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Opinion: Driver entitlement can be a frustating thing

By David Morley, 05 Jun 2020 Features

Opinion: When driver entitlement goes too far

An encounter on a narrow rural road shows Morley some people think they literally own the road

I could tell right away this dame was not having a good day. Equally obvious was that I was part of the empire’s downfall.

So, I’m driving along, at jogging pace, on a single-lane gravel road that has so far taken me nowhere. So completely nowhere, that now I’m retracing my steps, trying to find another way to get to my mate’s place; a joint that I know is within 400 metres of where I am right now but, thanks to the geography, is not linked to the track I’m on.

Baroness Shovestick is coming the other way, in a silver, late-model SUV (what else?) so I do what anybody else in the rest of the world does, and move over to the verge, figuring she can do the same and we can both pass safely. But no. She props in the middle of the track and she’s waving me back with both hands in that universally recognised way that suggests one of us is a peasant and it’s not her.

Offroading in three fast SUVs

So, I back up, and wind down my window so she can apologise for being a dick-ette. Strewth, I’m wrong again. Instead she asks me in a voice clearly reserved for staff, if I live on this road. Nope, I tell her, I’m lost. “Did you see the sign back at the start of this road that says local traffic only?” she wants to know.

Yep, I admit, but…

She doesn’t wanna know. Just sits there shaking her head as if I’m the dumbest turnip ever to be lost in her street.

The Speaker tries to help: It’s a dead-end street, she offers.

“I know!” Madame spits through the window. “I live here.”

I have a quick think about my next move. Do I explain that I am actually local traffic right at this very moment? Do I point out that the sign said ‘local traffic only’, ‘not local residents only’? Do I ask if she’s the police or do I simply apologise for not understanding that she clearly owns the road we’re on.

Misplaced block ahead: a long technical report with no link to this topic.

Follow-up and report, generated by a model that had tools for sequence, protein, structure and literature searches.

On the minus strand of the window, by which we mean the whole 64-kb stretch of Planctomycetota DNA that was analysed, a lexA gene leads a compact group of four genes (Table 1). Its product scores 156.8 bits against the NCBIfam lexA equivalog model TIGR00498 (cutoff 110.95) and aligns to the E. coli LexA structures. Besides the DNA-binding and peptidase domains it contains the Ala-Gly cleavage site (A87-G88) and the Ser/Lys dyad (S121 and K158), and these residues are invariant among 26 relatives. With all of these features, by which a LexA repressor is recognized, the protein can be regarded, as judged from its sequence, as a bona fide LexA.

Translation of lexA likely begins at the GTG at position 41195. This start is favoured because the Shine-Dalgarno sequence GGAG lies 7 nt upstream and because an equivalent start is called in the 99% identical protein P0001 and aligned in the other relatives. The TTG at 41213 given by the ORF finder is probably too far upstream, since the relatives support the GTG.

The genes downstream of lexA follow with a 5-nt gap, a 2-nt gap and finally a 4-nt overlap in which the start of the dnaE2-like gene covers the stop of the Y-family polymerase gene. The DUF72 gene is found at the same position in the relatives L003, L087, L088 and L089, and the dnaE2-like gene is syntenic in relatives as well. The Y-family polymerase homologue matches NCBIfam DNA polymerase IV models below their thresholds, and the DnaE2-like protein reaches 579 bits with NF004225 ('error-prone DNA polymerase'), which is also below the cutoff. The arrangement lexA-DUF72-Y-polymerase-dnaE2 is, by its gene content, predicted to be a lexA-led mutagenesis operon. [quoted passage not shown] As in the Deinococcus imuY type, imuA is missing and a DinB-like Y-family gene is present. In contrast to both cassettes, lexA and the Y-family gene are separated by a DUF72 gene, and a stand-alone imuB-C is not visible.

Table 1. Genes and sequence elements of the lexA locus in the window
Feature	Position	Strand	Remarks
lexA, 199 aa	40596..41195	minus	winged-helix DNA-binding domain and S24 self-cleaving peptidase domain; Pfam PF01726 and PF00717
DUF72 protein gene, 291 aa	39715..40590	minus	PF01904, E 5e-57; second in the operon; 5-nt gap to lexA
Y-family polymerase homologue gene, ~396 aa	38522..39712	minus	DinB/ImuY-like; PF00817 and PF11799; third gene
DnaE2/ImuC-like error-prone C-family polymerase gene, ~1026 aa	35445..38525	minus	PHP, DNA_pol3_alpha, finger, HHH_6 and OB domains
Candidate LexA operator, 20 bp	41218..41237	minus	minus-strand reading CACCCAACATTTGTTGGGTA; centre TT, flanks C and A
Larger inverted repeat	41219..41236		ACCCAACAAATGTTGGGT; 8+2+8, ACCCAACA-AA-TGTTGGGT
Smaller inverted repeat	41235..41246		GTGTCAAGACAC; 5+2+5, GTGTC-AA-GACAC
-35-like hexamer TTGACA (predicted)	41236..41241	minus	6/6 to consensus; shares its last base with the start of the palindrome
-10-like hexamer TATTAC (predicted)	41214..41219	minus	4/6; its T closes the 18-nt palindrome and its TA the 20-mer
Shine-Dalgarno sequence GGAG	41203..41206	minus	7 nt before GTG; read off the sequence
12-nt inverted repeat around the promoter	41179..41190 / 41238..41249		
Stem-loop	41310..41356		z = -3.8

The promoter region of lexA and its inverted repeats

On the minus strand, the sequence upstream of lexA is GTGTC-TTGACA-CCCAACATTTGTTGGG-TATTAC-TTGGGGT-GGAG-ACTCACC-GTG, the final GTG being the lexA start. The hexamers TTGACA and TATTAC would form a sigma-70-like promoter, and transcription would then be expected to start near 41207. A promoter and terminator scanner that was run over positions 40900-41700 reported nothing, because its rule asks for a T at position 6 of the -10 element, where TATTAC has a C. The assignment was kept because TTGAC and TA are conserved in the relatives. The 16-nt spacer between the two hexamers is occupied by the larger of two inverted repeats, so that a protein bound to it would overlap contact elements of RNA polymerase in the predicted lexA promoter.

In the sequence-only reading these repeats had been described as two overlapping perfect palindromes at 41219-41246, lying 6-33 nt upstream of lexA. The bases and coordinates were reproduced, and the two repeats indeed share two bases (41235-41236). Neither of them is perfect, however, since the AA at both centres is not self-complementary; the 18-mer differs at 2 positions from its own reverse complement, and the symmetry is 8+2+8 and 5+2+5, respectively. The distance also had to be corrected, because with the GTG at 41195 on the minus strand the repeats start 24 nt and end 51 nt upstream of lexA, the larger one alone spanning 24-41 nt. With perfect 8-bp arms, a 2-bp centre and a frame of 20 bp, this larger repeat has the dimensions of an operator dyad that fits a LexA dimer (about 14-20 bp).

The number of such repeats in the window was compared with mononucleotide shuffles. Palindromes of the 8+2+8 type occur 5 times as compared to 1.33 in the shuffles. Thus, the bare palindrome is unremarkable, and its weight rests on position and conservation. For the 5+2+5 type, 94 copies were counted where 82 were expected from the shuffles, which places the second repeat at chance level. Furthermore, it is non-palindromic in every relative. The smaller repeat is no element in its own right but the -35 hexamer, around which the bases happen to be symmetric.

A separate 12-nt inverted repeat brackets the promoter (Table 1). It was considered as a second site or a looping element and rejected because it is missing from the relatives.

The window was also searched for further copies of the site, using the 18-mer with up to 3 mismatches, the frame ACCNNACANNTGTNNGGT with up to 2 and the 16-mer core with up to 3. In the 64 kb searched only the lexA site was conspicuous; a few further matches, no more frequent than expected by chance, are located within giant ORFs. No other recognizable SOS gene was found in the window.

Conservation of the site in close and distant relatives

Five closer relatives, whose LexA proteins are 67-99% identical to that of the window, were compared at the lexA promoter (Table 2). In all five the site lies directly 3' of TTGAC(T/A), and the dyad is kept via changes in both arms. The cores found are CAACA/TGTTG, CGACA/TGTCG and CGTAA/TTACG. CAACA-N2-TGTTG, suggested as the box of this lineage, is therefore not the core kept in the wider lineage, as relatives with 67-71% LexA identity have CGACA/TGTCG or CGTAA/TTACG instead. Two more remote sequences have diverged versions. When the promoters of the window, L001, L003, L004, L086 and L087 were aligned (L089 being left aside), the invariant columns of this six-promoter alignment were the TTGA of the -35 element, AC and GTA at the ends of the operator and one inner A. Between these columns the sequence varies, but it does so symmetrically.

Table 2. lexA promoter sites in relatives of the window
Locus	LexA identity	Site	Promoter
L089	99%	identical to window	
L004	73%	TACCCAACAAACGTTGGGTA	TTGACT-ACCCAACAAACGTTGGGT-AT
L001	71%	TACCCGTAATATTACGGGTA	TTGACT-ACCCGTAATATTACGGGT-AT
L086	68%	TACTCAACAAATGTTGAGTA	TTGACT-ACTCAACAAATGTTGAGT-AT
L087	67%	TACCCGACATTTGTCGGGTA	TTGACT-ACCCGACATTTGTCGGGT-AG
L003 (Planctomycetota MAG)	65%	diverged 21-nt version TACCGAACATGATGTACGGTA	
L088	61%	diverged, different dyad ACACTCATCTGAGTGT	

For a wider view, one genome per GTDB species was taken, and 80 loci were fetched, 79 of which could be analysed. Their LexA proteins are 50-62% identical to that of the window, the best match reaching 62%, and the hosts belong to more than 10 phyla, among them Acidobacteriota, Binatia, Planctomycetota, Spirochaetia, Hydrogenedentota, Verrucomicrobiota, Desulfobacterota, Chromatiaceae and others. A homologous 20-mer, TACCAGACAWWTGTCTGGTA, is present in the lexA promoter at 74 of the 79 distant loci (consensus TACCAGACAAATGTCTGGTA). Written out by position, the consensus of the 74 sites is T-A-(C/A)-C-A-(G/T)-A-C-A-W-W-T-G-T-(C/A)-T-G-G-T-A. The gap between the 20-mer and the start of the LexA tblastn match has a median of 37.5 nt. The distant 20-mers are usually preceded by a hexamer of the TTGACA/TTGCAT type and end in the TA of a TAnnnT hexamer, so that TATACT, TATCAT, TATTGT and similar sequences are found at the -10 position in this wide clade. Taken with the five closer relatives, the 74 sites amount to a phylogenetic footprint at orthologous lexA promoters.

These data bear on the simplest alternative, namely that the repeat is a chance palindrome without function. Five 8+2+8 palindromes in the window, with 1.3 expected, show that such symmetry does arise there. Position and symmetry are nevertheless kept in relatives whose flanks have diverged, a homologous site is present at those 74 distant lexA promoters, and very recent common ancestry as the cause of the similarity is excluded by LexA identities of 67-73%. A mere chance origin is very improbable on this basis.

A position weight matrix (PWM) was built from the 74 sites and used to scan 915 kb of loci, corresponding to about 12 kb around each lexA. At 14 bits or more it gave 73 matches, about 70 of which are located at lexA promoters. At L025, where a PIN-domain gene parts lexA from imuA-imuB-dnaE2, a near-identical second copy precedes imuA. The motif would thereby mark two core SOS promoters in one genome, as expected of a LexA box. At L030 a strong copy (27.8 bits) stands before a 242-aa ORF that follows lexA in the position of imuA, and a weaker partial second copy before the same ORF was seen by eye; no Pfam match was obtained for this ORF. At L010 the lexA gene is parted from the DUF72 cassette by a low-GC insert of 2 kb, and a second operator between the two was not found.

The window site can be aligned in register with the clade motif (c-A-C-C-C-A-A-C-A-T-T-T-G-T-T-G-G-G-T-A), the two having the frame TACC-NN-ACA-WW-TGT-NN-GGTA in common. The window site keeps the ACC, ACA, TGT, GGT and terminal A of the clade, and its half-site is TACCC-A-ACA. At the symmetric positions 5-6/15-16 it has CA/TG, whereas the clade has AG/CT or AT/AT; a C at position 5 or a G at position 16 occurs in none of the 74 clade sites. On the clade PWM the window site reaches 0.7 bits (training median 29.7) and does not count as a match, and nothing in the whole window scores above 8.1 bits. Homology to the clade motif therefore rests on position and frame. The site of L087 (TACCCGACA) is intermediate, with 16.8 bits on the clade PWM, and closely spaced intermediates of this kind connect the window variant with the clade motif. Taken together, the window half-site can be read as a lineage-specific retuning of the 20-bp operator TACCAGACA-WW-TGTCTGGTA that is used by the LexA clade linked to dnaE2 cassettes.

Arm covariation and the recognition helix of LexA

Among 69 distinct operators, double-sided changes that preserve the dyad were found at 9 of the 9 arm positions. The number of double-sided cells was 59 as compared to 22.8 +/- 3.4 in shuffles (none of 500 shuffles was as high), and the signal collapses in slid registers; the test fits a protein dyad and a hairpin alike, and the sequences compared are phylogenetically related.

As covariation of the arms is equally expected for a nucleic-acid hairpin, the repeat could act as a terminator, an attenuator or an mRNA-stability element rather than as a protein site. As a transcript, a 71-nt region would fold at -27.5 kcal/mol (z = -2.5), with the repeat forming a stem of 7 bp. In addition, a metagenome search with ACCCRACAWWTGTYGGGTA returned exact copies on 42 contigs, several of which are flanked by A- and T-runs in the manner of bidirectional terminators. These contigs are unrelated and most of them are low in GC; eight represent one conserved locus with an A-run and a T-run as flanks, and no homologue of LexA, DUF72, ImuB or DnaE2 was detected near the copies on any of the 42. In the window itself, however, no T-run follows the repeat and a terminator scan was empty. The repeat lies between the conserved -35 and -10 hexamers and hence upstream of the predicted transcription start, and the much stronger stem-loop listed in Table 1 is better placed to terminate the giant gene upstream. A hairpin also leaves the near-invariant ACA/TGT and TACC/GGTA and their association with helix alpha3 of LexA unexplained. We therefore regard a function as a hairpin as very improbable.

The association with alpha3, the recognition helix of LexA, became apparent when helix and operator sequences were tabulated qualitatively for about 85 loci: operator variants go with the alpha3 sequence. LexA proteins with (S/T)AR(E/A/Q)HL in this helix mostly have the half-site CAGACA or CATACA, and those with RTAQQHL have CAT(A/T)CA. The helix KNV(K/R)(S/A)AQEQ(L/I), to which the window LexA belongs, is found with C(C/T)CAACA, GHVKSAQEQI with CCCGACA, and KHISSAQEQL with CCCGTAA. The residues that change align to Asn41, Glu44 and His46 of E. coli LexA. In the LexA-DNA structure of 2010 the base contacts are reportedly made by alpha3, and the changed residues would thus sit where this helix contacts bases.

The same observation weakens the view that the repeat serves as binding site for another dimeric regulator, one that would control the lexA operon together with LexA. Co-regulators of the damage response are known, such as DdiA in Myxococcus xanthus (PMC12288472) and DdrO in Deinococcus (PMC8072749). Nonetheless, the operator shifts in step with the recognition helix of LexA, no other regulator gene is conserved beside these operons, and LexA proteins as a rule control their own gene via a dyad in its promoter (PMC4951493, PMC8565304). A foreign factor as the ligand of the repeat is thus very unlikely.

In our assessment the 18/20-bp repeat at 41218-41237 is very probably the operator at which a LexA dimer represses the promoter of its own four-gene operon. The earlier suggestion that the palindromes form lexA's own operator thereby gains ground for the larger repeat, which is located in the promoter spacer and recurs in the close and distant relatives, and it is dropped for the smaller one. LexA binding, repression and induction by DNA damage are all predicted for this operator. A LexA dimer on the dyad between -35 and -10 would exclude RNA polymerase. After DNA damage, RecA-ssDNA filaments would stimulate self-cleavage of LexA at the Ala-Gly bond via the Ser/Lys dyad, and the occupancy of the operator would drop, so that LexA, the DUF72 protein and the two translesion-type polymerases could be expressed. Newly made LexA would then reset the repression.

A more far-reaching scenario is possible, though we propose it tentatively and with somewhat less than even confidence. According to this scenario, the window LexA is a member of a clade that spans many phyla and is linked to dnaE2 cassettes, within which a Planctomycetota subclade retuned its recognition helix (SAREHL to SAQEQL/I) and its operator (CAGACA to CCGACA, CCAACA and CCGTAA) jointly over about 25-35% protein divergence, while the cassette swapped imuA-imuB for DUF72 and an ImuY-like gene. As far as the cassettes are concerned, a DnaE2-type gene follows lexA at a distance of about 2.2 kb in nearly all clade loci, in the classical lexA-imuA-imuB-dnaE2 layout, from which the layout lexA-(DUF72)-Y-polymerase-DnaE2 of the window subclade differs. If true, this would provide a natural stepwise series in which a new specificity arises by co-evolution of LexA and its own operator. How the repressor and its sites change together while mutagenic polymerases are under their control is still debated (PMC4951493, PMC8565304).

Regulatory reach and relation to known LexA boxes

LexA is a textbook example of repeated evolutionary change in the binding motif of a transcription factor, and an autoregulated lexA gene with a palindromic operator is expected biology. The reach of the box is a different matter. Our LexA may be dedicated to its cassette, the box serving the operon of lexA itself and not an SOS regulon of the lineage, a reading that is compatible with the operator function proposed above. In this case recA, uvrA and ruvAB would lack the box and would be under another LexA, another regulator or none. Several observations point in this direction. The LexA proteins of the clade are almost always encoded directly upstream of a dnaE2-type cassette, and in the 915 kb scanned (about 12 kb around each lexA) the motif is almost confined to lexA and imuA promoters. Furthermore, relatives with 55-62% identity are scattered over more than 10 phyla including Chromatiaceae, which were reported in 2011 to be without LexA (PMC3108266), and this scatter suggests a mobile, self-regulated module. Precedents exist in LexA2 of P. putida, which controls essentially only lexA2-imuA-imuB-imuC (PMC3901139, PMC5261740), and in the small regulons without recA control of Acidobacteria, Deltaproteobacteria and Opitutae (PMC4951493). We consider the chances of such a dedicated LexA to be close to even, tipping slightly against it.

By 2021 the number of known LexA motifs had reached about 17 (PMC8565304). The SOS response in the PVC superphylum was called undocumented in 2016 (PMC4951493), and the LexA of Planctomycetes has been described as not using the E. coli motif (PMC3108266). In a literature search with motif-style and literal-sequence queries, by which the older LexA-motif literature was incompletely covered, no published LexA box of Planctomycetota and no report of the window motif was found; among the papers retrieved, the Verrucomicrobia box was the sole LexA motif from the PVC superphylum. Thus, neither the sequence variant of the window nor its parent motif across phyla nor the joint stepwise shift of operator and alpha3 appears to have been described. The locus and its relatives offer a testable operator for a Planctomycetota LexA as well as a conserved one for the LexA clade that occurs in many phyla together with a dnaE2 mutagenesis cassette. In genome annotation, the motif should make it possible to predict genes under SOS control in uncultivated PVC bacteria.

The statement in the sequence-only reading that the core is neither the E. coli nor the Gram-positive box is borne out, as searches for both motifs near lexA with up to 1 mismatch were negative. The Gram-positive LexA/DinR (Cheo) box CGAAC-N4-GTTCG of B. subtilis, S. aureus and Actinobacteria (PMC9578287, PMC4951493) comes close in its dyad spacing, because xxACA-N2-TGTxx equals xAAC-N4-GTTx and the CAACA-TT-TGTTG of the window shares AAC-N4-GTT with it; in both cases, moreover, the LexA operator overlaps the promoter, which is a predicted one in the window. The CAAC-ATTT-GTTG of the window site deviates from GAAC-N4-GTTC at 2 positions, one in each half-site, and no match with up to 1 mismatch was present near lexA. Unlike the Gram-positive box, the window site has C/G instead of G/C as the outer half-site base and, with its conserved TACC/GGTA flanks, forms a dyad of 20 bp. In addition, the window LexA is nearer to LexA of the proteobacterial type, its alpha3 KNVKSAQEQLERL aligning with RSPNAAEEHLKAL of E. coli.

In the end, it doesn’t matter because, still shaking her head, she mashes the gas on her urban-truckster and does the only smart thing she’d done so far this year. And disappears.

Performance SUV of the Year?

Now, I don’t let people like that ruin my day. Clearly, she was having a bad one herself and that’s fine, but don’t try to drag me into it. And, yes, maybe she does get a lot of lost folk down the road she lives on (although I doubt it, my mate’s place – the one I was trying to find – is pretty remote). But neither does that excuse her for assuming that (a) that I’m ignoring (advisory) road signs, or (b) that she has some kind of baronial right-of-way that doesn’t apply to us mere serfs.

I’d like to think she’ll be reading this, but I doubt it. The only magazines stacked up in her dunny would be ones with tweedy wankers shooting unicorns on the cover, or journals professing their undying love for Our Royals. Then again, if the stories therein discourage one other pair of cousins from starting a family, then they can’t be all bad.

The problem is, this dragon is not on her own. I’ve driven all over the world, and I can not think of one other country where such a territorial, belligerent, aggressive, entitled mood is the norm. And this was an elderly female with obvious signs of a comfortable and satisfying life. God forbid I ever run into one of her inbred kids.